4. Data Quality
Two major trends have heavily influenced ecological data today. One is improved integration and availability of data (see my interview with GBIF’s Tim Robertson for more on that), and the gradual acceptance of citizen science as a viable source of data. It means we have access to large-scale data for a huge range of species.
Yet as the data quantity has risen, quality hasn’t increased at an equal rate. Citizen science is a huge boost when handled correctly, but it varies in quality wildly. And bringing together disparate data sources which were collected for different purposes isn’t always easy. Community ecologists are producing increasingly complex models, which our data needs to match.
5. What is Community Ecology Anyway?
At some point during the
circular argument meeting, our International Chair pulled the infamous “let’s take a step back” move and asked us all what the point of community ecology was. If you thought that would help clear things up, then I clearly haven’t elucidated the general frustration in much of the discipline well enough. Community ecology is a very vaguely defined term, and much of it can be construed as part of other disciplines like evolutionary ecology or population dynamics (yet it simultaneously has been accused of not integrating these disciplines well enough into its own practices).
This isn’t particularly odd. As a general rule, the more recent a discipline is (in any field), the more trouble it has defining itself (see Ecofeminism). And there’s nothing strange about different people within a discipline having different goals. But just as our group has resolved to find some common goals going into our next phase, it’s probably time for more communication between community ecologists the world over. There have been a few international Community Ecology conferences that have started recently, and I hope that initiatives like these produce some more cohesive goals within our… network.
Community ecology is a vital discipline, and general frustration with the lack of a concrete definition doesn’t change that. It is a discipline that is best poised to study the effects of global phenomena like urbanisation, climate change and eutrophication on ecosystems. More and more we’re finding out that as species disappear, what really matters is the interactions that are lost in an ecosystem. Take the Australian bushfires. Plant life will rebound in many areas, but the interactions lost thanks to the local extinction of animal species may mean that the ecosystems won’t ever return to their previous state. Community ecologists should be at the forefront of looking at the effects of events like this.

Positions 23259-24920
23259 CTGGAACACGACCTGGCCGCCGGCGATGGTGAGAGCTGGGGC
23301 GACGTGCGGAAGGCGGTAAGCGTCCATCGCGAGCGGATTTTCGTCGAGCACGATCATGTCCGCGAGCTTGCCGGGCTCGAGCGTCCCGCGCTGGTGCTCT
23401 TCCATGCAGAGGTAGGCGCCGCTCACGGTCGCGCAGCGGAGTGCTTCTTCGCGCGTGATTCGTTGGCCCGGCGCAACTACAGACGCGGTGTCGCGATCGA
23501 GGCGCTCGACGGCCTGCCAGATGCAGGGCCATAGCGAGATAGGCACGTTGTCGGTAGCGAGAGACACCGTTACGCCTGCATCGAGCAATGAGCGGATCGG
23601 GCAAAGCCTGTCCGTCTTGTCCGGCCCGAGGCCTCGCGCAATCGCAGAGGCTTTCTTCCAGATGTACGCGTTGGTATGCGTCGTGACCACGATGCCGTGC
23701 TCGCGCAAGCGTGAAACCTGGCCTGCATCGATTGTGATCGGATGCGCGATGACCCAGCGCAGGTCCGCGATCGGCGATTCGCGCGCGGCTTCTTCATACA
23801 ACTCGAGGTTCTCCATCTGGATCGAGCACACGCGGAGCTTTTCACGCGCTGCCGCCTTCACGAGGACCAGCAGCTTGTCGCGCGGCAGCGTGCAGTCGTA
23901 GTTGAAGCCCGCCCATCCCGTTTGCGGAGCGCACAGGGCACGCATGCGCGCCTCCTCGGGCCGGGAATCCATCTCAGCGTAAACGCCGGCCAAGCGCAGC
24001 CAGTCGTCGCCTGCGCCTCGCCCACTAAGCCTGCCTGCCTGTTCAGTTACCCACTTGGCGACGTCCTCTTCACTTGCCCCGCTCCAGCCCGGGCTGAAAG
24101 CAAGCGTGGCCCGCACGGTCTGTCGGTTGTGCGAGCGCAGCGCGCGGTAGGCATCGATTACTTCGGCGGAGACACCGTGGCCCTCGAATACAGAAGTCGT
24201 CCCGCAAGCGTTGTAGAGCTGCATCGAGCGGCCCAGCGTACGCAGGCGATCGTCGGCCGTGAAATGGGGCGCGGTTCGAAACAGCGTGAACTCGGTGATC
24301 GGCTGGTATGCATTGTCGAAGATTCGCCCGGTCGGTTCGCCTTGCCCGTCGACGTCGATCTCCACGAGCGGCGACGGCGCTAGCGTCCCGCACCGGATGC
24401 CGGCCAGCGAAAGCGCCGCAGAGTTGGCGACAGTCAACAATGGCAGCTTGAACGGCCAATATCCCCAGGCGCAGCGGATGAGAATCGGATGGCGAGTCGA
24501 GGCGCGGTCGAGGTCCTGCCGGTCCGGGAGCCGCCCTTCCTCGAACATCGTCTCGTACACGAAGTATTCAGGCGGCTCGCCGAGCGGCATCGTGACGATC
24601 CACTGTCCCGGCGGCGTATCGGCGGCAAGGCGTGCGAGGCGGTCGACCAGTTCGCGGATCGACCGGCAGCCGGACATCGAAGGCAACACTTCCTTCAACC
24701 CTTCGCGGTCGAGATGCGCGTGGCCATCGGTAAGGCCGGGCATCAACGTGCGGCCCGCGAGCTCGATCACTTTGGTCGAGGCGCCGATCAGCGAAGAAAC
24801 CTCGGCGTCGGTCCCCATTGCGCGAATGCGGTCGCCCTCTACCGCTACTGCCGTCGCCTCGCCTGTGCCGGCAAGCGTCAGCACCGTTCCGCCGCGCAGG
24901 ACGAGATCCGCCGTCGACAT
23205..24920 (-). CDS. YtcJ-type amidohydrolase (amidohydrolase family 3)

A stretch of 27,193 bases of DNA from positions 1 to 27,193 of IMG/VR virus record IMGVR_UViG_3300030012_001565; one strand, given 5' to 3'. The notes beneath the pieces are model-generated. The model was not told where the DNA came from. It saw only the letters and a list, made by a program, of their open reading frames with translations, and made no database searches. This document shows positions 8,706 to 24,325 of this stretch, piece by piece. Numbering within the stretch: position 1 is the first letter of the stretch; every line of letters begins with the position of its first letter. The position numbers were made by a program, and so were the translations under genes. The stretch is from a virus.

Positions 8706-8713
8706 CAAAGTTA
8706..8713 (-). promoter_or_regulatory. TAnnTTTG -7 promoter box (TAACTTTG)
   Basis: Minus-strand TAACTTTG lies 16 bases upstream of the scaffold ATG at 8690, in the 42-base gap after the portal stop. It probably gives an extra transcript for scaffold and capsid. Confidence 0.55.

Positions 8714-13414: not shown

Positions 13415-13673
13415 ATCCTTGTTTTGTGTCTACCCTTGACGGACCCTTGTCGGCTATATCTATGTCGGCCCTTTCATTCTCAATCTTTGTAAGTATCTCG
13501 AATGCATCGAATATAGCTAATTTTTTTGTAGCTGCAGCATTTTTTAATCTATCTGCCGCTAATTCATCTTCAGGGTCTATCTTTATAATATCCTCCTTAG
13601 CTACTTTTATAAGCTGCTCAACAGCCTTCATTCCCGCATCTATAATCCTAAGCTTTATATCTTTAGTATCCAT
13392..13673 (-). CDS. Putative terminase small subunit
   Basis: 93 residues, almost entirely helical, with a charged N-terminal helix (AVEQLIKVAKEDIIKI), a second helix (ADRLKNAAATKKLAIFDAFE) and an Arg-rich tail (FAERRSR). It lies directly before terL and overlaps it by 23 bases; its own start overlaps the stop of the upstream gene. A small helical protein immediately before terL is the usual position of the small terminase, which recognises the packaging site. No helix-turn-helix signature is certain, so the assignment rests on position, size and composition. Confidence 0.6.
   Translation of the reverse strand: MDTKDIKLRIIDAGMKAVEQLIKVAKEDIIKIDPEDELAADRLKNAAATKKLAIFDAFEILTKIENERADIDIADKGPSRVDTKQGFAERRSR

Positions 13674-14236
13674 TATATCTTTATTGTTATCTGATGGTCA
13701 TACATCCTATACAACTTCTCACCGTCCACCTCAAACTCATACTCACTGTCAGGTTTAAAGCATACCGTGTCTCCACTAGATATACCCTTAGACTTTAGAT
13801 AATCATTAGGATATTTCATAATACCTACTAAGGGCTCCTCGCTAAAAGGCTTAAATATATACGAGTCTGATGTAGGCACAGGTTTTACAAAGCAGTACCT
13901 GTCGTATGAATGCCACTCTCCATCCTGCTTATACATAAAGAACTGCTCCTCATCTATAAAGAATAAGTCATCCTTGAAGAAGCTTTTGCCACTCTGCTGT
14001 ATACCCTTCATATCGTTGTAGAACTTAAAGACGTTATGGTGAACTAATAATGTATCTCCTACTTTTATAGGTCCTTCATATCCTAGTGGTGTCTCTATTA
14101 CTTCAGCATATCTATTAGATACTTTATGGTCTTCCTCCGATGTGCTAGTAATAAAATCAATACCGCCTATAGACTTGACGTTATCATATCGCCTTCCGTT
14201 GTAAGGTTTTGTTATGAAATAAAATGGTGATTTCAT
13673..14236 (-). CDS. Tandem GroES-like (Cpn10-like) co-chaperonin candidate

Which means that challenges like the ones listed above need to be tackled immediately, and with great vigour. I realise that it could lead to more confusion than cohesion, but hey, if you’ve got a goal, you can’t die like William Stoner.
Sam Perrin is a freshwater ecologist currently completing his PhD at the Norwegian University of Science and Technology who has had way too much coffee today to make up for a lack of sleep. You can read more about his research and the rest of the Ecology for the Masses writers here, see more of his work at Ecology for the Masses here, or follow him on Twitter here.
Listed below are some interesting papers which attempt to tackle the issues listed above, as well as our breakdowns of them. I’d also recommend checking out Adam’s interview with Shannon McCauley on the rise of community ecology.
For a look at drawing a link between species associations and interactions – Estimating interaction credit for trophic rewilding in tropical forests by Marjakangas et al., 2018 – Breakdown
For a look at how scale interprets our understanding of community drivers – Invasion of freshwater ecosystems is promoted by network connectivity to hotspots of human activity by Chapman et al., 2019 – Breakdown
For an explanation of why defining a community is so important in teasing apart interactions – Contrasting consequences of climate change for migratory geese: Predation, density dependence and carryover effects offset benefits of high-arctic warming by Layton-Matthews et al., 2019 – Breakdown